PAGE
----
This article focuses on calculating efficiency for non-electric home heating systems. Oil, gas, and natural gas systems have their own set of rules and jargon. See our other article for more on energy efficiency and how to calculate it.

Let's begin with your utility bill. You may be looking at it and wondering, "What's a Therm?" or "What's a CCF?"

CCF stands for Centum Cubic Feet and is a unit for volume. It is equal to one hundred cubic feet and may also be abbreviated to HCF. It is also equal to 748 gallons.

Therms are a unit used for natural gas energy usage over time. It is equal to 100,000 Btu.

Your boiler may have an efficiency rating of AFUE which stands for Annual Fuel Utilization Efficiency. Like the other efficiency ratings we have looked at so far, this one is not much different. You have the heat output in Btu in the numerator and the energy input in Btu in the denominator. The acronym is used to clarify that this is for heating rather than cooling, and the fuel source is something other than electricity.

AFUE = Annual Heat Output (BTU) / Annual Energy Input (BTU)

HSPF is used for heat pumps specifically during the heating season. Heat pumps are a device that can heat or cool a space. It uses refrigerant and depending on which direction it is pumped, it can heat or cool. There is a separate acronym for heat pump heating because it uses electricity instead of fuel to run.

HSPF = Heat Output (BTU) / Electrical Energy Input (Wh)

We saved the easiest for last. The other type of heating you may have is an electric heater. Like the name suggests, it runs on electricity by using a conductive element that heats up, like a wire or coil. An electric coil heater converts 100% of the electricity into heat, yes that means it is 100% efficient! However, don't go running to the store to get an electric heater just yet. They are usually more costly to run for larger spaces. The heat is more concentrated and the unit demands more power than a heat pump or a gas furnace.

There is no equation for electric coil heaters because it's 100%!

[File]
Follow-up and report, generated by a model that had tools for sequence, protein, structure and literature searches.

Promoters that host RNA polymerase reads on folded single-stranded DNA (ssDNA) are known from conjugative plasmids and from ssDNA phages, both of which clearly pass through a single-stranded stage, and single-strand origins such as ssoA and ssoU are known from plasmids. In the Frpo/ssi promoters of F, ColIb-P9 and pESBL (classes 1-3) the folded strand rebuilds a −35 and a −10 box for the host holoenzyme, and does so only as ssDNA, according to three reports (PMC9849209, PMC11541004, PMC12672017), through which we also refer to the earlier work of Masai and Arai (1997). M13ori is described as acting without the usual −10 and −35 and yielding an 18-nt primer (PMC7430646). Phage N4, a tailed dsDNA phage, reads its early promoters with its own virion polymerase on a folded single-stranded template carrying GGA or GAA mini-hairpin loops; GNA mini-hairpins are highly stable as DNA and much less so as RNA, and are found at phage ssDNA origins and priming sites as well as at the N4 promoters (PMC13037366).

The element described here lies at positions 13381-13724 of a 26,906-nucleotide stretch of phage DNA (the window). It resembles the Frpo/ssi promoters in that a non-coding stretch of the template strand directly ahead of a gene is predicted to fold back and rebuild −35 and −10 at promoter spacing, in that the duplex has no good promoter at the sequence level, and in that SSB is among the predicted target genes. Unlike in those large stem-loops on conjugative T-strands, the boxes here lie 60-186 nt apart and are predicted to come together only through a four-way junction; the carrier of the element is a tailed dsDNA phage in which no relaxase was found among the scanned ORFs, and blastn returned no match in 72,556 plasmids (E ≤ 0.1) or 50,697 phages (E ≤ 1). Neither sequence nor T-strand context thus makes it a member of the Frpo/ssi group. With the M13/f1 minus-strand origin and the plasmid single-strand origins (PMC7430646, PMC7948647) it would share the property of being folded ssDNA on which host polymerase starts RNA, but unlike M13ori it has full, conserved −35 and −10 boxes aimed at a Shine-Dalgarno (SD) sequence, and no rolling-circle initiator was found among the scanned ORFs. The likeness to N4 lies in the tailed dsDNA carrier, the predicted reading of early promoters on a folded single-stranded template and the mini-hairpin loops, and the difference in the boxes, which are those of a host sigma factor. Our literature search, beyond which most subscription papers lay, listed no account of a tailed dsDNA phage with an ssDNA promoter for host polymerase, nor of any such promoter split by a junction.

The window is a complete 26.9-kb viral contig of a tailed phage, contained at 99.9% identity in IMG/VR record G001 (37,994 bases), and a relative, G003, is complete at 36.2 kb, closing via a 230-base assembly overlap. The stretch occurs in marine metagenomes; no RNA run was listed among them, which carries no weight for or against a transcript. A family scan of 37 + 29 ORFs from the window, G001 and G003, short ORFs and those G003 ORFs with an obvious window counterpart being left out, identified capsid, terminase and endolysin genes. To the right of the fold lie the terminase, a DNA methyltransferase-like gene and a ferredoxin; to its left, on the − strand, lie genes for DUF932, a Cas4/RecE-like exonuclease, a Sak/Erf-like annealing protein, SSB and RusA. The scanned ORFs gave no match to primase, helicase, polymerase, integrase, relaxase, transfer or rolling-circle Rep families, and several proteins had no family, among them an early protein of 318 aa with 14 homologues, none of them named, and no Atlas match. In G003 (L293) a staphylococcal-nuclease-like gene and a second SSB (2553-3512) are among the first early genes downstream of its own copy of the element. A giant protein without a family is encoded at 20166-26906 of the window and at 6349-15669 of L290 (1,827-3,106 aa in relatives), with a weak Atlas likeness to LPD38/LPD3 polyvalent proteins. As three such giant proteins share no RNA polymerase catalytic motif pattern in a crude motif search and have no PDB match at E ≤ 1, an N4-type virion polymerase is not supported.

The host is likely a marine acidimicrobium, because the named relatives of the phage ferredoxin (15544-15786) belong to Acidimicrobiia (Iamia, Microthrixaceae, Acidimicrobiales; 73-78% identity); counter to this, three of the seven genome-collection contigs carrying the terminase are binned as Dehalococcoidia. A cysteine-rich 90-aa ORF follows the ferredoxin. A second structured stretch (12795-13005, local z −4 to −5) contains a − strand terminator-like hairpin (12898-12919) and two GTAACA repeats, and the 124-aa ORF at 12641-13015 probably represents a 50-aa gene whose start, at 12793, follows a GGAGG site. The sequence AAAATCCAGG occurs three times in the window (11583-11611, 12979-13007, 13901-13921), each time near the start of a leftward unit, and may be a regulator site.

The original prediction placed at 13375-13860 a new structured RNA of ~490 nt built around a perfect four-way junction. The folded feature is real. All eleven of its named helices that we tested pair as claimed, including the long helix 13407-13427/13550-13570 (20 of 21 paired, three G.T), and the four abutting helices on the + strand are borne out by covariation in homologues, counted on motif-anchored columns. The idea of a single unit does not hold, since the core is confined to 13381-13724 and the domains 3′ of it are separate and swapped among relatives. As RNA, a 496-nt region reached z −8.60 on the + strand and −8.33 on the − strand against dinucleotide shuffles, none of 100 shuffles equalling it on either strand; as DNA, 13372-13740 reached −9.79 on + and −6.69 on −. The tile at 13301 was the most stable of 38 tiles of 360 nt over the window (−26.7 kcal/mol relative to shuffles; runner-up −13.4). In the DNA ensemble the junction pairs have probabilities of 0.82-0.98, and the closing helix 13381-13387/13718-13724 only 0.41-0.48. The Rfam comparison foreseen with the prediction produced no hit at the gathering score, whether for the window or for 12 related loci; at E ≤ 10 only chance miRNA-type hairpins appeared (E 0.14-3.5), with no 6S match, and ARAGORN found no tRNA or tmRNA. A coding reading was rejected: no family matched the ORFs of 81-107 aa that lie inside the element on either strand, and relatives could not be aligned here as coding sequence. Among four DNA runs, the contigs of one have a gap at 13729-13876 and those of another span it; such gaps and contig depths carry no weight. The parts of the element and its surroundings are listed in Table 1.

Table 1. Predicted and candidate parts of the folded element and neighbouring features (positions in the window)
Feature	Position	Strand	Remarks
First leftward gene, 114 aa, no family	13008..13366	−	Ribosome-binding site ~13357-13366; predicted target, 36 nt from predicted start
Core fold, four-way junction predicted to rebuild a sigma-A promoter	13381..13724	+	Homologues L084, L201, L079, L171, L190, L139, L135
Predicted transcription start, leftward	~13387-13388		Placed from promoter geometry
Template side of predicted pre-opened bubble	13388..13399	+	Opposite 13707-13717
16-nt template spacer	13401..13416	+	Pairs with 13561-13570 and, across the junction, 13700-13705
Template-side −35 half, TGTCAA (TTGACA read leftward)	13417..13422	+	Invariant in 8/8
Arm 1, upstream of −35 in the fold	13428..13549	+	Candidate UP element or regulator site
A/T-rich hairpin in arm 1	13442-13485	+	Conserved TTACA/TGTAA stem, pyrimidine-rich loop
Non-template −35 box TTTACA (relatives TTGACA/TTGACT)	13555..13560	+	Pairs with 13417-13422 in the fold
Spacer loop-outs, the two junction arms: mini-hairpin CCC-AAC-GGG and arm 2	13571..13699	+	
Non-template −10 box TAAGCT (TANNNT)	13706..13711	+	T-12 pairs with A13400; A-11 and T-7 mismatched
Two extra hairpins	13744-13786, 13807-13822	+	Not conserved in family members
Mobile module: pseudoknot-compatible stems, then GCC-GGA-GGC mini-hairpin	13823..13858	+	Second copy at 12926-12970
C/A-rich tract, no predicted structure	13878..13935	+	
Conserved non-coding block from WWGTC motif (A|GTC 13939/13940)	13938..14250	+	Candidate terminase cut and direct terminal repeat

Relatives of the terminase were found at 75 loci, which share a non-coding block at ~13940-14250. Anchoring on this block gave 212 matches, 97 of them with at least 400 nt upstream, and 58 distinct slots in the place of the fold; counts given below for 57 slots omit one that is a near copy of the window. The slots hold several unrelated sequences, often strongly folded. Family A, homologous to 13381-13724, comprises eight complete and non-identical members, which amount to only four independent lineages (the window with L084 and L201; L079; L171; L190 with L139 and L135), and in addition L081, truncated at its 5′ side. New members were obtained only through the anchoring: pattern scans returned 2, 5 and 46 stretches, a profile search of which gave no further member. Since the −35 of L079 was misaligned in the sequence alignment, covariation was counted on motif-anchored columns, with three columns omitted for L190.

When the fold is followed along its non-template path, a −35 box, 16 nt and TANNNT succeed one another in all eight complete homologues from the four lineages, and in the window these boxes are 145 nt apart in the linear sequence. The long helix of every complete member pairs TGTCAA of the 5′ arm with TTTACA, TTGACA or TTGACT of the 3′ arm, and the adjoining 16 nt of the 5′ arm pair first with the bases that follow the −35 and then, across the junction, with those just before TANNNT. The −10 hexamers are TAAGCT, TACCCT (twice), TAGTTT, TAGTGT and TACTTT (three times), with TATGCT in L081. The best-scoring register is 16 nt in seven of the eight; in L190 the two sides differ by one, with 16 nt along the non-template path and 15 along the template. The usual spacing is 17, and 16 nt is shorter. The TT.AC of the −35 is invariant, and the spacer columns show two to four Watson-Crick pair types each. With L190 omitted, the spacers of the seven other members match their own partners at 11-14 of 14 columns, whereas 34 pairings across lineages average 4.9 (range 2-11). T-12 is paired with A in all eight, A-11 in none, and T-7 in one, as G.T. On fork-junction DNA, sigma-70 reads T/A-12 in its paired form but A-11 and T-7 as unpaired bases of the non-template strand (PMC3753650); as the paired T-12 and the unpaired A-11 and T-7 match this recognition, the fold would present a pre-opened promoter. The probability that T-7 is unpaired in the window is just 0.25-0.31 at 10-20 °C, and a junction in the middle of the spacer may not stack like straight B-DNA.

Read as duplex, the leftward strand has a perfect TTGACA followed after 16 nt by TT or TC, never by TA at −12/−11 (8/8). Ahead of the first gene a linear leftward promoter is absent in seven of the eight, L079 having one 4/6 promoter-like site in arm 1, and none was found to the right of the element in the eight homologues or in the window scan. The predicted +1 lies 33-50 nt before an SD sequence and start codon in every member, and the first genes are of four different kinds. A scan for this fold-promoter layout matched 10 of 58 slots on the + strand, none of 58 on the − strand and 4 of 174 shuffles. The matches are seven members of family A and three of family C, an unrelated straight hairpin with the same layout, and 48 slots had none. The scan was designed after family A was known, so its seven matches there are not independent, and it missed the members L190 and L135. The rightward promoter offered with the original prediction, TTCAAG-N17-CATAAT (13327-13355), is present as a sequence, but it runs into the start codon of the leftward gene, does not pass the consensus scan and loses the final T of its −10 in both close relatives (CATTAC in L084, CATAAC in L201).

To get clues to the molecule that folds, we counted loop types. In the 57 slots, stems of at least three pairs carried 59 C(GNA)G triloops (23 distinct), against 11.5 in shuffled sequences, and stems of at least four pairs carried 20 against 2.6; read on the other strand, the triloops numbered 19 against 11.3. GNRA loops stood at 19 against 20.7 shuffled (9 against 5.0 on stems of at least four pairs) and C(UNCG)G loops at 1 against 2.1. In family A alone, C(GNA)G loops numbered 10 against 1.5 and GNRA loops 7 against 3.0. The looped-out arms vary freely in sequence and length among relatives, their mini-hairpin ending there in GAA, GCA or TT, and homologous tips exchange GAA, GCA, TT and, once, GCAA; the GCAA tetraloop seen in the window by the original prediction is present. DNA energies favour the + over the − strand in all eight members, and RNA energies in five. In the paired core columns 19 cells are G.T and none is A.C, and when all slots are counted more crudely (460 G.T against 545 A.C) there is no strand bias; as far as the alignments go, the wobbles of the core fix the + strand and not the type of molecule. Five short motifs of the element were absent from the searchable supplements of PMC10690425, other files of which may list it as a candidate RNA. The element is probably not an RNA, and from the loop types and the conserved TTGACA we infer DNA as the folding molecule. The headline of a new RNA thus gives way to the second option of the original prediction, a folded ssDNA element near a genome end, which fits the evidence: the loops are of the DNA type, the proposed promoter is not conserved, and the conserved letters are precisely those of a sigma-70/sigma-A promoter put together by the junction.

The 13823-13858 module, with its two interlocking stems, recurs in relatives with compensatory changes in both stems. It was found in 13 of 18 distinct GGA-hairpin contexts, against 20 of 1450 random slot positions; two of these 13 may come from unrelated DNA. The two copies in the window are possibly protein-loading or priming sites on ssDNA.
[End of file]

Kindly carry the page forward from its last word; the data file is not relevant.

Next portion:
The efficiency of the fuel itself needs to be considered. This is also known as combustion efficiency. During combustion, there is a percentage of how much of the fuel is converted into useful energy, how much is wasted heat, and how much is bi-products (also known as emissions).

Each fuel type has a different efficiency. Here are the most common conversions:

- 1 gallon of finished motor gasoline (containing about 10% fuel ethanol by volume) = 120,238 Btu
- 1 gallon of heating oil (with sulfur content at 15 to 500 parts per million) = 138,500 Btu
- 1 cubic foot of natural gas = 1,039 Btu
- 1 gallon of propane = 91,452 Btu
- 1 short ton (2,000 pounds) of coal (consumed by the electric power sector) = 18,934,000 Btu

You can also find a fuel to energy conversion calculator on EIA.gov.

If you are comparing two different system types that use different fuels, you will need to find the following values:

- Cost of the fuel
- Fuel Conversion Factor
- Efficiency of the system

You have a boiler that can run on either natural gas or oil. Using natural gas at $0.62/Therm, the boiler is 73% efficient. Using oil at $2.30/gal, the boiler is 77% efficient.

Cost of Energy = Cost of fuel x Fuel Conversion Factor / Efficiency

Gas: ($0.62/Therm)(1 Therm/100,000 Btu)(1,000,000 Btu/1 MMBtu)(1/0.73) = $8.49 / MMBtu

Oil: ($2.30/gal)(1 gal/138,500 Btu)(1,000,000 Btu/1 MMBtu)(1/0.77) = $21.65 / MMBtu

Now that we have the cost of energy in the same units, it is easier to compare oil against gas. The cost of gas at $8.49/ MMBtu is less than oil at $21.65/MMBtu, and therefore has a lower operating cost.

How do your bills compare against the average? What is a lot and what is a little?

Your heating bill in the winter months vary widely. Even averages on how much energy is used to heat a home changes from state to state, type of fuel, system efficiency, system type, and a handful of other factors. If you have a natural gas system, it is also used to heat the water in your home. It can be confusing and overwhelming to analyze your energy consumption.

However, we don’t want to leave you scratching your head. The easiest way may be to give another example to compare against. Below we used a 1,000 square foot space. Keep in mind that the larger the space you have for heating, the more energy will be required. If the outside temperature is colder, more energy is required. If you have a drafty house, you may be losing energy to the outside and using more energy.

You are looking to heat a space that is 1,000 square feet. The outside temperature is 30° F and the desired inside temperature is 68° F. Heating will be needed for 10 hours during the night. Below are the monthly expenses for a natural gas heating system and an electric coil heating system. The natural gas system has an efficiency of 83% and cost of $0.95/Therm. The electric system has an efficiency of 1 and a cost of $0.18/kWh.

- Home is 1,000sf
- Outside Temperature: 30° F
- Desired Inside Temperature: 68° F
- Heating is Required during 10 hours per day

Natural Gas system:

- Heating System Efficiency: 83%
- Cost of Natural Gas: $0.95/Therm
- Heating Consumption per night: 0.61 Therms/night
- Heating Consumption per month: 18.3 Therms/month
- Cost of Heating per month: $17.35/month

Electric Coil Heating System:

- Heating System Efficiency: 1
- Cost of Natural Gas: $0.18/kWh
- Heating Consumption per night: 14.8 kWh/night
- Heating Consumption per month: 444 kWh/month
- Cost of Heating per month: $79.96/month

Hannah graduated from Penn State with a Bachelors Degree in Mechanical Engineering and a Minor in Meteorology.

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